Infused Water

Everyone knows there are many benefits of drinking water. It helps to fuel your muscles, keeps you alert, maintains skin tone, and aids digestion. Aiming for at least 8 cups of water a day is a general goal – but you may need less if you eat plenty of fruits and veggies, since they contain a good amount of water. For many people, moving away from sugary soft drinks and fruit juices is an important first step for successfully managing weight. If you feel bored drinking plain water, start exploring the vast sea of possibilities when it comes to drinking flavored infused waters. The choices are endless.

Still or sparkling?

Both are great. Keep yourself open to all possibilities. Consider purchasing a water carbonator (like SodaStream) to add fizz to your own tap water. It will save you money (and help the planet with fewer cans & bottles!) Also, sipping hot flavored water is a nice alternative to tea on a cold day.

Ready-to-drink or do-it-yourself?

There are so many choices it can be overwhelming. There are several brands listed below, as well as ideas for making your own flavored water. Flavor choices can range from the ordinary (lemon, lime, grapefruit) to the exotic (ginger-lime, kiwi, strawberry). Check the labels of any flavored water you purchase carefully to see if they contain any sugar. Even though you may not see the word “sugar” or “sucrose” on the label, flavored waters often add a low-calorie sweetener. While the drink may still be sugar-free, some people may experience a slight stomach upset (gas, diarrhea) if they drink too much, so check for words like “erythritol” or “sucralose” which may have been added to give your drink a sweeter taste.

Special equipment?

There are a variety of specially designed water bottles and pitchers that you can buy so you can easily make flavored waters. A small chamber in the center holds the flavorings. Just add water – and let sit for at least an hour. It’s also easy to find recipes for infused waters for pressure cookers (aka “Instant Pot”). If these are handy or make it more convenient for you – use them! But know, they are not necessary. Adding sliced fruit or cucumber to a pitcher of tap water and putting it in your fridge works just fine too!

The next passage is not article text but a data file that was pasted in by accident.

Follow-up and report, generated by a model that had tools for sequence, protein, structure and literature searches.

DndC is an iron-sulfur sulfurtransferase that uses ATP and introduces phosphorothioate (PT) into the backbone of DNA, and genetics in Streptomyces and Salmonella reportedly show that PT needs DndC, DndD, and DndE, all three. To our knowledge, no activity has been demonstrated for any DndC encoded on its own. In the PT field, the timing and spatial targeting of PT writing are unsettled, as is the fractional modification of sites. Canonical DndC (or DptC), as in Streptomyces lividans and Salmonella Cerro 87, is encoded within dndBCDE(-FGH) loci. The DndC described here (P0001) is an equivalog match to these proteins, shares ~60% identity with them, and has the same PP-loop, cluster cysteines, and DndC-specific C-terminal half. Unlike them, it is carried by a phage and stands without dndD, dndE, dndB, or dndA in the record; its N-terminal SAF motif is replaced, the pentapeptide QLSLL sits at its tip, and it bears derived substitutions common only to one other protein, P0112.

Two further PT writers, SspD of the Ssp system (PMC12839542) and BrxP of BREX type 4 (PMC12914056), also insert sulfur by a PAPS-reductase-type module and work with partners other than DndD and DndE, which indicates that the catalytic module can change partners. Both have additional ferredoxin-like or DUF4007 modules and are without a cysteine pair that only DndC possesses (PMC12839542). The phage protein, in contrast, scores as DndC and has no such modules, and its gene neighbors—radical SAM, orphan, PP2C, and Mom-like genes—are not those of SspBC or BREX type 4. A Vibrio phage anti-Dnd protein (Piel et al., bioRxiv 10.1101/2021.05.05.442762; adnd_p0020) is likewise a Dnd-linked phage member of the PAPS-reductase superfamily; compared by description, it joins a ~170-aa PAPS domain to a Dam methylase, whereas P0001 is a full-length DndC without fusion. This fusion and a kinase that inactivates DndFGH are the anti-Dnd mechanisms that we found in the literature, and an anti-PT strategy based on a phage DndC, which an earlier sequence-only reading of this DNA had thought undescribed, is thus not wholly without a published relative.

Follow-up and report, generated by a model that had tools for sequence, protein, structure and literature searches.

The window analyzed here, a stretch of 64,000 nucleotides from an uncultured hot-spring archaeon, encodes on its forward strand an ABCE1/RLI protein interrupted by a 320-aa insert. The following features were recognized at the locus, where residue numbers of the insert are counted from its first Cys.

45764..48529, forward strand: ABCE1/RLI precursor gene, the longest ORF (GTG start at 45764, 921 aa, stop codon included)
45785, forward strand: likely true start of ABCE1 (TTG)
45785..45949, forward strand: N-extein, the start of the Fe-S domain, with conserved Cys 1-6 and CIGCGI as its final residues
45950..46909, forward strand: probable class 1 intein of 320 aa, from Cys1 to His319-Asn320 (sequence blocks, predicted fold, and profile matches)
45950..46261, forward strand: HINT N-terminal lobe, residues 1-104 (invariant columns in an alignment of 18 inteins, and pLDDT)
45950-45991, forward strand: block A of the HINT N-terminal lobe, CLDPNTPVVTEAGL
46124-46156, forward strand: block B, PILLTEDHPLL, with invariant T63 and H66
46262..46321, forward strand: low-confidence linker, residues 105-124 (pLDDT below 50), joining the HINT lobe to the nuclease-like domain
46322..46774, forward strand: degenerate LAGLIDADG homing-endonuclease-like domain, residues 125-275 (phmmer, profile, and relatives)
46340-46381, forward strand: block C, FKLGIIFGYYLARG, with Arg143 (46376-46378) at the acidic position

How do I do it?

While you can easily find recipes online, it really as easy as using up what’s in your fridge! Check the list of suggested combos for some popular flavor ideas.

  • Start with very cold sparkling or still water.
  • As a general guide, fruit that is very ripe has the most flavor. It’s a great way to use up fruit that may be about to spoil.
  • Frozen fruit works well too!
  • Experiment with amounts. If you’re just filling 16-24 oz water bottle, a few slices of lemon, cucumber, a couple of frozen strawberries might be all you need. If you’re filling a large pitcher, you might use up to a cup of fruit.
  • Adding fresh herbs (basil, mint, rosemary, thyme) can be wonderful – but you only need a small amount for a big flavor burst. Crush them a little before adding to enhance the taste. A small chunk of fresh ginger or a small piece of a cinnamon stick is also tasty.
  • The longer the fruit sits, the better. Let it sit at least 30 minutes – but aim to drink it within the day you make it.
  • Refill the container with water 2-3 more times as you’ll still be able to extract more flavor.
  • If you make a very concentrated batch (as you would if you were using a pressure cooker) – just add about 2 Tbsp to your water. Or, freeze the liquid in ice cube tray containers – and then add one to a glass of still or sparkling water for a boost of flavor.
  • Once you’re done with the fruit and flavorings – compost them.

Ready-to-Drink Options:

  • Nestle’ Splash
  • Sparkling ICE
  • Glaceau Fruit Water
  • Aquafina Flavor Splash
  • Bai
  • Hint Water
  • House brands (such as Wegman’s) flavored sparkling water

Make Your Own Flavor Combos! Some examples:

  • Lemon & lime
  • Strawberry, lemon, and basil
  • Watermelon & mint
  • Apple and cinnamon
  • Cucumber & lemon
  • Mango & ginger
  • Blueberry & thyme
  • Raspberry kiwi

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The medical information on Diabetes – What To Know’s website is provided as an information resource only. The content is not in any way intended to be nor should you rely on it as a substitute for professional medical evaluation, diagnosis, advice and treatment.

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